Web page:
Lufavores are pumped. We’re once again growing about a dozen varieties of tomatoes, including heirlooms and others they’ve been eagering waiting for. And the reception, in general, has been amazing, especially in these times.
It's a huge milestone for us (the greenhouse has doubled our production in one fell swoop) and for urban agriculture (it’s actually the largest rooftop greenhouse in the world) and for Montreal (we’ve successfully repurposed a massive industrial building in our district).
We did the math: we’d only need the equivalent of 19 shopping centres’ worth of rooftop greenhouses to provide all the veggies Montreal needs.
How far does Lufa want to take its urban agriculture company in scope? Does it want to feed all Montrealers one day? Is this possible?
Yes! Our vision is to help make cities self-sufficient and reconnect people with how their food is grown. We definitely hope to keep growing our cohort of Lufavores. And we did the math: we’d only need the equivalent of 19 shopping centres’ worth of rooftop greenhouses to provide all the veggies Montreal needs.
Right now, we feed about two percent of Montreal, so we’re getting there. We also plan to replicate our model and expand to cities beyond Montreal in the near future.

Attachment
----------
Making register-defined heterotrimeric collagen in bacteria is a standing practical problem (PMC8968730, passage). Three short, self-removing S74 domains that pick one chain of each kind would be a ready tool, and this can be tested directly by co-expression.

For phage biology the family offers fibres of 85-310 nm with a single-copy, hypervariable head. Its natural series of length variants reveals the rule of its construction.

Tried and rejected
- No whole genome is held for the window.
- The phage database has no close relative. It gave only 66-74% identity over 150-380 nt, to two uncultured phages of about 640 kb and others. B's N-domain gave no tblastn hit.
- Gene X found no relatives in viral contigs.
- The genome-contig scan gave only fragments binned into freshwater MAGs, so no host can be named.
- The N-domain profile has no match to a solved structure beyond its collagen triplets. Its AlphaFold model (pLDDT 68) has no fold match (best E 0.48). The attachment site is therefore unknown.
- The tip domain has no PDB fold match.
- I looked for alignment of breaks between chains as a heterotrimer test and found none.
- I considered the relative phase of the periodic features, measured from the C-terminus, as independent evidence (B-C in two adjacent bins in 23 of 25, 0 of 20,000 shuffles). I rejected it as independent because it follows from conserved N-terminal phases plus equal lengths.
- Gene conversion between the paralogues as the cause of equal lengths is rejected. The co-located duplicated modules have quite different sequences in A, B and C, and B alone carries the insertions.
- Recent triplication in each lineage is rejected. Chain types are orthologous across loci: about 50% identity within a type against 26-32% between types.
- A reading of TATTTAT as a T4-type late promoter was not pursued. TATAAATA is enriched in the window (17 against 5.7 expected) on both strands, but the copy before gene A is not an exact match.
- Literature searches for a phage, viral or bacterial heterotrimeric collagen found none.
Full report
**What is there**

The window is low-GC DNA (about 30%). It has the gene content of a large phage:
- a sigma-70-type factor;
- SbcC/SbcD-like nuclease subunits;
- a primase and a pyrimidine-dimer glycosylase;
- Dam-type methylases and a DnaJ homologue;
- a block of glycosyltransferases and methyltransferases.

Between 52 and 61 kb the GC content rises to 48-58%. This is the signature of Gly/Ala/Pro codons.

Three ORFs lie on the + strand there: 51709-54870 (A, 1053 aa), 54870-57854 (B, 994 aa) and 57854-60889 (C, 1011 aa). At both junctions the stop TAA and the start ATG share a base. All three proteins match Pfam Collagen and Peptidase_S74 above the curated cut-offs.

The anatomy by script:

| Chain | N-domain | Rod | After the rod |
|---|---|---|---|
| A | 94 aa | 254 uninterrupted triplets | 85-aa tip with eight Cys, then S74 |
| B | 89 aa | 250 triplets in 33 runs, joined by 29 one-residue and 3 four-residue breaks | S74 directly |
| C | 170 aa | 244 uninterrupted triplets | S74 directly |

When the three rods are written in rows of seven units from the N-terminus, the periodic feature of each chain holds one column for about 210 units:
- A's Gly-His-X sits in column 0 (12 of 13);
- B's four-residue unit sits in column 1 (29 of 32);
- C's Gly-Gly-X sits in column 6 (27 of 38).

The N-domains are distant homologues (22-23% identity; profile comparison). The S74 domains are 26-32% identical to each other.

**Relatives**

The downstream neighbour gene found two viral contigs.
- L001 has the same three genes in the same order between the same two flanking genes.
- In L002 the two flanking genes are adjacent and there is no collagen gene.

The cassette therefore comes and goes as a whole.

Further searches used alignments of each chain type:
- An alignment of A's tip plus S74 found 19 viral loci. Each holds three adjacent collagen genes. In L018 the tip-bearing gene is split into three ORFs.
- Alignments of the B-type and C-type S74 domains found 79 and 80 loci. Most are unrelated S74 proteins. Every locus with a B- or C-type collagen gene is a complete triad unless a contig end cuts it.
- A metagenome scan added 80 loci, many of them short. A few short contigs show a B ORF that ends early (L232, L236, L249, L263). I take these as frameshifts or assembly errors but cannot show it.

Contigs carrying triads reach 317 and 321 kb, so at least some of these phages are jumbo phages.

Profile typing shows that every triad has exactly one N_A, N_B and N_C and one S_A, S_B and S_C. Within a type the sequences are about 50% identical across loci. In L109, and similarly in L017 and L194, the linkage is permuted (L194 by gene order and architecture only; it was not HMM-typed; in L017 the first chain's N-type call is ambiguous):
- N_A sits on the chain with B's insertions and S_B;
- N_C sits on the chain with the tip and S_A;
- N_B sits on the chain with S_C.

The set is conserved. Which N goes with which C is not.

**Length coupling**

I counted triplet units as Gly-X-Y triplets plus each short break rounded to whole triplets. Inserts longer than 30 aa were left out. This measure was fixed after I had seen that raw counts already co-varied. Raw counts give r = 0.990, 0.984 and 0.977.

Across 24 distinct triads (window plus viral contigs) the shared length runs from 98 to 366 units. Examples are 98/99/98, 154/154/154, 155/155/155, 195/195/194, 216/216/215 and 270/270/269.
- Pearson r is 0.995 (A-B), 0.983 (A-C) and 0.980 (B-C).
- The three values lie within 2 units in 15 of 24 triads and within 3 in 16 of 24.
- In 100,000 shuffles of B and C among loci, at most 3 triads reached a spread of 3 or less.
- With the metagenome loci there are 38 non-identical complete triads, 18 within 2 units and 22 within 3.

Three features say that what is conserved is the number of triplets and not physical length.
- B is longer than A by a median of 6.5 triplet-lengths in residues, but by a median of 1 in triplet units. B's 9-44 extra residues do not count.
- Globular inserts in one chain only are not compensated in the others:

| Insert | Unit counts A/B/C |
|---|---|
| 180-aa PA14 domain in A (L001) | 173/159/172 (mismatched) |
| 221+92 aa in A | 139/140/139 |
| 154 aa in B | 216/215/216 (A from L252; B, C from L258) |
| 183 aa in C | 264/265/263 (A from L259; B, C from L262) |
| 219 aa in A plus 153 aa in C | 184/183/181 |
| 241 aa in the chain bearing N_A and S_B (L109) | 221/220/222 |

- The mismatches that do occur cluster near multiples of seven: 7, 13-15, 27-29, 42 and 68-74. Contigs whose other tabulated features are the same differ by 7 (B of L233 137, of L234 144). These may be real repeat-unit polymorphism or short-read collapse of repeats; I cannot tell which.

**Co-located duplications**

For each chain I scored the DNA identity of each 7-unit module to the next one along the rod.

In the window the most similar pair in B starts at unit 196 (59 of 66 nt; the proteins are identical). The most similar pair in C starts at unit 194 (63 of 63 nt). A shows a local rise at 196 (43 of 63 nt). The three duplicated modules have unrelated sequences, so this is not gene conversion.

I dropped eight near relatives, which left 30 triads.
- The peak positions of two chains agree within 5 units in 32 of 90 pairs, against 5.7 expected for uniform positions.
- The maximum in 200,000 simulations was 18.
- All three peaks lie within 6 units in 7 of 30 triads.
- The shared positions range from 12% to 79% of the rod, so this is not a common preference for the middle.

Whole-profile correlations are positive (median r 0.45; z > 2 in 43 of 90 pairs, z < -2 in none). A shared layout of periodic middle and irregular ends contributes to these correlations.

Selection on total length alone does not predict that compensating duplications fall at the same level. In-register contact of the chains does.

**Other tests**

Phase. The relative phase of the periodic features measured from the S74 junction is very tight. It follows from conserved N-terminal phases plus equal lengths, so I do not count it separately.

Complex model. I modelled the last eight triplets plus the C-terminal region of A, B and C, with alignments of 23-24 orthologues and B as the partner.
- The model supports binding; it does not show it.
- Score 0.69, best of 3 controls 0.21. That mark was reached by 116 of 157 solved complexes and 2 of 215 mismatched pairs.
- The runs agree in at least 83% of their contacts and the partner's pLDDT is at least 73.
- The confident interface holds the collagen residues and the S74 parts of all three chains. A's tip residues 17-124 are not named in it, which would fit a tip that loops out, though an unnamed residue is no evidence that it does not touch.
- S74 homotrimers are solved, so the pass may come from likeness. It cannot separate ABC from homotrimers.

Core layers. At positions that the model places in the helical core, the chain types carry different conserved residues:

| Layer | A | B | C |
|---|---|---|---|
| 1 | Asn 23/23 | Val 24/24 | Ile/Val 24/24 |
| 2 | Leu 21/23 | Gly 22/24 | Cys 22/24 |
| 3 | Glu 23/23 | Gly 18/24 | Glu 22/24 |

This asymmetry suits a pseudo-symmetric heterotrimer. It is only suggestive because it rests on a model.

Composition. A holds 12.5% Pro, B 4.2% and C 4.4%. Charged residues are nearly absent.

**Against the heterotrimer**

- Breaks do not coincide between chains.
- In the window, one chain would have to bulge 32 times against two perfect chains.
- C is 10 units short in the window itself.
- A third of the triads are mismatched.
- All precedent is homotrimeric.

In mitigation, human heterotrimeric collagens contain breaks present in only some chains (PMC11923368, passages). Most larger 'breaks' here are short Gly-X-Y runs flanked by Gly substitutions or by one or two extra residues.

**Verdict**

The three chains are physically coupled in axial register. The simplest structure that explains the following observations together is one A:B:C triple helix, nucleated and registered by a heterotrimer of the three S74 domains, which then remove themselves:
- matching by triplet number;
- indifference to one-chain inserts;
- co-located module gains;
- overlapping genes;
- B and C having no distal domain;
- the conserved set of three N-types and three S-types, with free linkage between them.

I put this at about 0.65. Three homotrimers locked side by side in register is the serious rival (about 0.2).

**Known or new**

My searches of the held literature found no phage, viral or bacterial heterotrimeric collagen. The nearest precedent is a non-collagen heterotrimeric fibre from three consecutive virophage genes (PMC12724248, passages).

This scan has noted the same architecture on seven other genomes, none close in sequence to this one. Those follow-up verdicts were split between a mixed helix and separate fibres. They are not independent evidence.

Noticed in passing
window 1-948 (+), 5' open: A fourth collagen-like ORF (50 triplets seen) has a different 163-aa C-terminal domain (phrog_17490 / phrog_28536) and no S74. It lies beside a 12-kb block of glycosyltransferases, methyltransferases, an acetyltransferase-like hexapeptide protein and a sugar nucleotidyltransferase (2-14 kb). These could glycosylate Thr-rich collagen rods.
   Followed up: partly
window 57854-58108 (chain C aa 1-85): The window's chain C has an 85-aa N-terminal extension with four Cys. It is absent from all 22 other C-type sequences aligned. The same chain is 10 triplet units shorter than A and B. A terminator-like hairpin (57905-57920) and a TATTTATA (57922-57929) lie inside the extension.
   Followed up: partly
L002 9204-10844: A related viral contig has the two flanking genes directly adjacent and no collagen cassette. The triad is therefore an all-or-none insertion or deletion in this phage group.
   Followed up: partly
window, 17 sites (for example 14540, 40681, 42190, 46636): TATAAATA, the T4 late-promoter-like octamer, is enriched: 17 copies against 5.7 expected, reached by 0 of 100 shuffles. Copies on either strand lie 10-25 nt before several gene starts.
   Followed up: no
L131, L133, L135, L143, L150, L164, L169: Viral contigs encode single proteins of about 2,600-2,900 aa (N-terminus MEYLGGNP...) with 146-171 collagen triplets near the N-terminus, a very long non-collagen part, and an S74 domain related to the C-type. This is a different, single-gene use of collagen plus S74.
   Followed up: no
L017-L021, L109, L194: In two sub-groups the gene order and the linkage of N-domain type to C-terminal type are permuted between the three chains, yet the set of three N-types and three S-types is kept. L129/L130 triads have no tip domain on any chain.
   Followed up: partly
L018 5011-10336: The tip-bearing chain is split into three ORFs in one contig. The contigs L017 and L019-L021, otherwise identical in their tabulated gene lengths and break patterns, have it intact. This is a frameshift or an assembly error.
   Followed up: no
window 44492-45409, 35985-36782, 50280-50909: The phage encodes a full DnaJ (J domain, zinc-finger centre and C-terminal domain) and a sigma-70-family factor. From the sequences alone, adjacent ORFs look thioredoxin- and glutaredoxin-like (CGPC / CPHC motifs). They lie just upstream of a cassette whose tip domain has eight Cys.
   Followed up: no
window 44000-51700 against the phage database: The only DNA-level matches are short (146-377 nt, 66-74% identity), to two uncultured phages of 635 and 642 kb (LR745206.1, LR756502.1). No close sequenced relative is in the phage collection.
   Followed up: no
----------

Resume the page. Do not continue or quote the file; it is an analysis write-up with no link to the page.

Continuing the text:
Can you tell me about any future plans Lufa has in urban agriculture? Any livestock? Chicken coops for eggs? Honey production?
Hm, good ideas but not for now. We’re going to stick to rooftop veggies. We work with hundreds of partner farms and food makers though, for everything fresh, local, and responsible—eggs and honey included!
Is there anything Quebec isn't producing right now that Lufa sees a future in producing itself?
We grow tomatoes, eggplants, cucumbers, peppers, greens, and herbs - dozens of varieties in all - year-round, so we’re able to provide daily-harvested local veggies through the winter months when local produce is typically less abundant. We do have a random banana tree that one of our greenhouse teams planted for fun, but we’re sticking to veggies and always trying new varieties out.